I have often said so-called “progressive Christianity” is a notion forever in search of its own elusive definition; and that’s as good a way of explaining it as we may be able to find. We live in a post-modern world that considers the age of Enlightenment to be a post-facto reality. As such, “progressive” thinking in an age of Reason has pushed the boundaries of nearly every facet of life, except one: those ‘traditional’ or ‘orthodox’ beliefs, based on certain creeds, doctrines and dogma that still dominate what it presumably means to be “Christian.” It hardly needs to be said that it is also why so many one-time believers have outgrown their one-time faith. Calling them merely “lapsed” is misleading. So much has elapsed in the world we have all come to know and take for granted, that the once-dominant Church — — despite all its denominational varieties — has fast become a post-modern relic. Yet any critical examination of how Christian scriptures developed and how the history of the tradition evolved will quickly demonstrate how it has always been in a constant state of flux. Or, if you like, “progression.” It was only when it stopped and got stuck that we traded in the tent for a temple, and snuffed the life out of a movement that is progressive by its very nature. What then would constitute an honest statement of belief for at least this “progressive Christian?”read more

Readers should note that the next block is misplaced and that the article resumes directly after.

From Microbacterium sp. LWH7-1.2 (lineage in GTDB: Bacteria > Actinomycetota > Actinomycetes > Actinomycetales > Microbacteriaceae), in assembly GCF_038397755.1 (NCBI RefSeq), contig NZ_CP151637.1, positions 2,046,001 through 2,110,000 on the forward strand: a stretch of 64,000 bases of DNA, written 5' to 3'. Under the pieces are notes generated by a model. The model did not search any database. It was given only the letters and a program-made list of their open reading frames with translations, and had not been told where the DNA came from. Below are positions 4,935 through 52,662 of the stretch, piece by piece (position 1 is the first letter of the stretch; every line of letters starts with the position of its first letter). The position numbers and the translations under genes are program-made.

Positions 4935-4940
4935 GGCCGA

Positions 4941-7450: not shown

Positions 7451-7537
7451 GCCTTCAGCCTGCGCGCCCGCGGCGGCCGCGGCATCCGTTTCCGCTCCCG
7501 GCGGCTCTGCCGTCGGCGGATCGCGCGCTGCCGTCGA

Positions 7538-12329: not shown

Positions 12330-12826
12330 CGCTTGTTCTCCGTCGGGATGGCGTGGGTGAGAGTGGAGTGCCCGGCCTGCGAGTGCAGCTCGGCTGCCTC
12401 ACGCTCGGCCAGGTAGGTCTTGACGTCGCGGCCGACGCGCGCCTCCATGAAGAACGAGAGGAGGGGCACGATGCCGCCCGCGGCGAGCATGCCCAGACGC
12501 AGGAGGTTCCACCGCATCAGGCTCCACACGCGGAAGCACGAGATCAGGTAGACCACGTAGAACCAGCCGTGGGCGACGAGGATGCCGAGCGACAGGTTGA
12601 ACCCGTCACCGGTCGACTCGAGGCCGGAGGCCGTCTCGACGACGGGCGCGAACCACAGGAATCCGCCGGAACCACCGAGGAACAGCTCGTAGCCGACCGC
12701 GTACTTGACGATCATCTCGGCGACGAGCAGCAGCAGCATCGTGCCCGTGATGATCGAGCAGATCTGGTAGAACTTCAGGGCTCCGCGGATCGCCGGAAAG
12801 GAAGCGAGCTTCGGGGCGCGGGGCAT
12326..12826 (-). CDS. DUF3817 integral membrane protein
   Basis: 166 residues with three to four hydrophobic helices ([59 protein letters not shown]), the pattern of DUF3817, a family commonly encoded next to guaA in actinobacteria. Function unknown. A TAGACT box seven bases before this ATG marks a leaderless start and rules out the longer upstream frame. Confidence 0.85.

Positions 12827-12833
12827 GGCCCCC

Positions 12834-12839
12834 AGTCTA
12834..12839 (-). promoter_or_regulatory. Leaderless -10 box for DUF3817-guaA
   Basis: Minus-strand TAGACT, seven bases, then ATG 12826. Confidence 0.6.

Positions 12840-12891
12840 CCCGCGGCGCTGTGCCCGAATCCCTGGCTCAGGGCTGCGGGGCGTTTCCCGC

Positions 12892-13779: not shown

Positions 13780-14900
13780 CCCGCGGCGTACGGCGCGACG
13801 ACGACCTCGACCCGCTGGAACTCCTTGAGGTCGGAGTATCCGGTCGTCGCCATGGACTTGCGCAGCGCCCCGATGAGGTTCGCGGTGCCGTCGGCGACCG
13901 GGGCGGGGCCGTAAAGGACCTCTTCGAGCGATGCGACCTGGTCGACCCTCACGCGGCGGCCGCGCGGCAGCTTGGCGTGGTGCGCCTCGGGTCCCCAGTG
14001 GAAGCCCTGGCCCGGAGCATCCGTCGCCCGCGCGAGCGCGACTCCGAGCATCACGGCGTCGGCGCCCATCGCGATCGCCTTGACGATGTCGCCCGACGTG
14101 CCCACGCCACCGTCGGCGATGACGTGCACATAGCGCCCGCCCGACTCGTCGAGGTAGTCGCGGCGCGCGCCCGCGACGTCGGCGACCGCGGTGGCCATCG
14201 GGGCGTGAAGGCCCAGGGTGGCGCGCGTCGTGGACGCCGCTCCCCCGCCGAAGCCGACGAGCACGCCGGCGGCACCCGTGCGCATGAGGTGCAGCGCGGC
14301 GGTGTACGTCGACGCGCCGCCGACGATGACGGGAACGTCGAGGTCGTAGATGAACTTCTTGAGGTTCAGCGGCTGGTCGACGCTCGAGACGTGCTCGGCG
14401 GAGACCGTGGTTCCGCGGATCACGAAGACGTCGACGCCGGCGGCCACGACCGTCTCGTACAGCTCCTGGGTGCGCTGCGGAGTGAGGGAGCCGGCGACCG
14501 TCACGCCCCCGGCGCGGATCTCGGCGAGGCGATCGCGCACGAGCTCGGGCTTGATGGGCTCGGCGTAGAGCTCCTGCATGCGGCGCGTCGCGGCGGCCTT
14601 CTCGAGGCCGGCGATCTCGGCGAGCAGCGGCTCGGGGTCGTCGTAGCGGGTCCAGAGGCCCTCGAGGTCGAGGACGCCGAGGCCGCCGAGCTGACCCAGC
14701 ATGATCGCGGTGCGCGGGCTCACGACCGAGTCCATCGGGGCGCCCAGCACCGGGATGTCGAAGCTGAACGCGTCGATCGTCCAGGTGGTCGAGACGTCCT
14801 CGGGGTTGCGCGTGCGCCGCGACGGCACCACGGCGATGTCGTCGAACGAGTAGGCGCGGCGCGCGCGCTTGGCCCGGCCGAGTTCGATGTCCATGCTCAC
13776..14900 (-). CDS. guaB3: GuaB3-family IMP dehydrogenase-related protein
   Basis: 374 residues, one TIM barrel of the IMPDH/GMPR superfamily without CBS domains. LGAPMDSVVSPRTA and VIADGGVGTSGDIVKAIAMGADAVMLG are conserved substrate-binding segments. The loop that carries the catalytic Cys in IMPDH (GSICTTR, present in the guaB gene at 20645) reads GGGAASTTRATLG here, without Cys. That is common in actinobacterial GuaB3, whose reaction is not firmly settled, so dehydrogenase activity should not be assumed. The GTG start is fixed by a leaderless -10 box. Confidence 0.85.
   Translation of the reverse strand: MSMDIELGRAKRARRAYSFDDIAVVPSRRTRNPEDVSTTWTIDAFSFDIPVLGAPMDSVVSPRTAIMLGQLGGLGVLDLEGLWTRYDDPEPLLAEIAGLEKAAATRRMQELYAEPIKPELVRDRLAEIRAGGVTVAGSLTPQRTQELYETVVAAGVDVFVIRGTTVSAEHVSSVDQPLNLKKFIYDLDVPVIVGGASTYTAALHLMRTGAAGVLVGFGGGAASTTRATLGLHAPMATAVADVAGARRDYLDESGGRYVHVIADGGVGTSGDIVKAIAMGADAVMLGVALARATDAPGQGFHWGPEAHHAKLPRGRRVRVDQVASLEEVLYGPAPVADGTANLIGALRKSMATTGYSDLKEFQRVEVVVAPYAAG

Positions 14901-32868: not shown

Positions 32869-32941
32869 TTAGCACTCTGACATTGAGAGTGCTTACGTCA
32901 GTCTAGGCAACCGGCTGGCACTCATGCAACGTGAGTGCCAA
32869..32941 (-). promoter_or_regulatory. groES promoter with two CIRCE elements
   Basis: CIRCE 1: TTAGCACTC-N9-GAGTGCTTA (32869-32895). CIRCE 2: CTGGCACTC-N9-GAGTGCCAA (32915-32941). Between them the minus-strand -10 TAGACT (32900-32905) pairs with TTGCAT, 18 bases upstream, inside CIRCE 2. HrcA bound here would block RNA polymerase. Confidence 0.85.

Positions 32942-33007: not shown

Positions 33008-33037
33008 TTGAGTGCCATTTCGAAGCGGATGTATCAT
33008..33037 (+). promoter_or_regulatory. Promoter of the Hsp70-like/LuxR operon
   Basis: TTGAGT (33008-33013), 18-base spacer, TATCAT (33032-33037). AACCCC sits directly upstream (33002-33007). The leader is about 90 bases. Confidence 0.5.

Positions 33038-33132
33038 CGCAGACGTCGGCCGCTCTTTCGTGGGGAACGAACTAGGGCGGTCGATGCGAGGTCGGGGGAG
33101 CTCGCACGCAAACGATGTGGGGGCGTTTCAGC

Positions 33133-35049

As we leave worship, let us together commit ourselves:
– to give thanks each day for the abundant gift and beauty of life
I believe in the hidden God of love,
the spirit of love and compassion
found at the breadth and depth of every human life.
The terms faith and beliefs are sometimes used interchangeably, but I think it is useful to make a distinction between them. Beliefs are things you think are true, like “I believe in God.” “I believe that there is life after death.” These are improvable opinions (or they would be accepted by all as “facts”). A list can be made of beliefs.read more
But what our guide told us next has stayed in my memory for the almost twenty years since my visit. With a shrug of his shoulders he explained, “Well, we need a site. An important event—we need to have a site. Do we know exactly where it happened? No. But we must have a site so that we can remember.”read more
In the Religious Science philosophy, no attempt is made to rob Jesus of his greatness or to refute his teachings. Indeed, it is based upon the words and the works of this, the most remarkable personality that every graced our planet with his presence; and until a greater figure appears, Jesus will still remain the great Way shower to mankind.read more
I believe in God.
(Except when I don’t.)
When others tell me who God is,
I’m believing not so much.
When I kiss my daughters goodnight,
my belief is overwhelming.
We are community
Embraced by the mystery of God’s love for all creation
This statement of faith seeks to provide a verbal picture of what The United Church of Canada understands its faith to be in its current historical, political, social, and theological context at the beginning of the 21st century. It is also a means of ongoing reflection and an invitation for the church to live out its convictions in relation to the world in which we live.read more
“I Believe” is a song that crushes the barriers of ideological differences. The foundation of an eternal righteous plan for the redemption of the whole earth begins with a special covenant to a specific people in a specific land. In the millenniums following this promise men have sought to alter, to distort, and even undo God’s beautiful plan.read more
O God, the source of our being
and the goal of all our longing,
we believe and trust in you.
The whole earth is alive with your glory,
and all that has life is sustained by you.
We commit ourselves to cherish your world,
and to seek your face.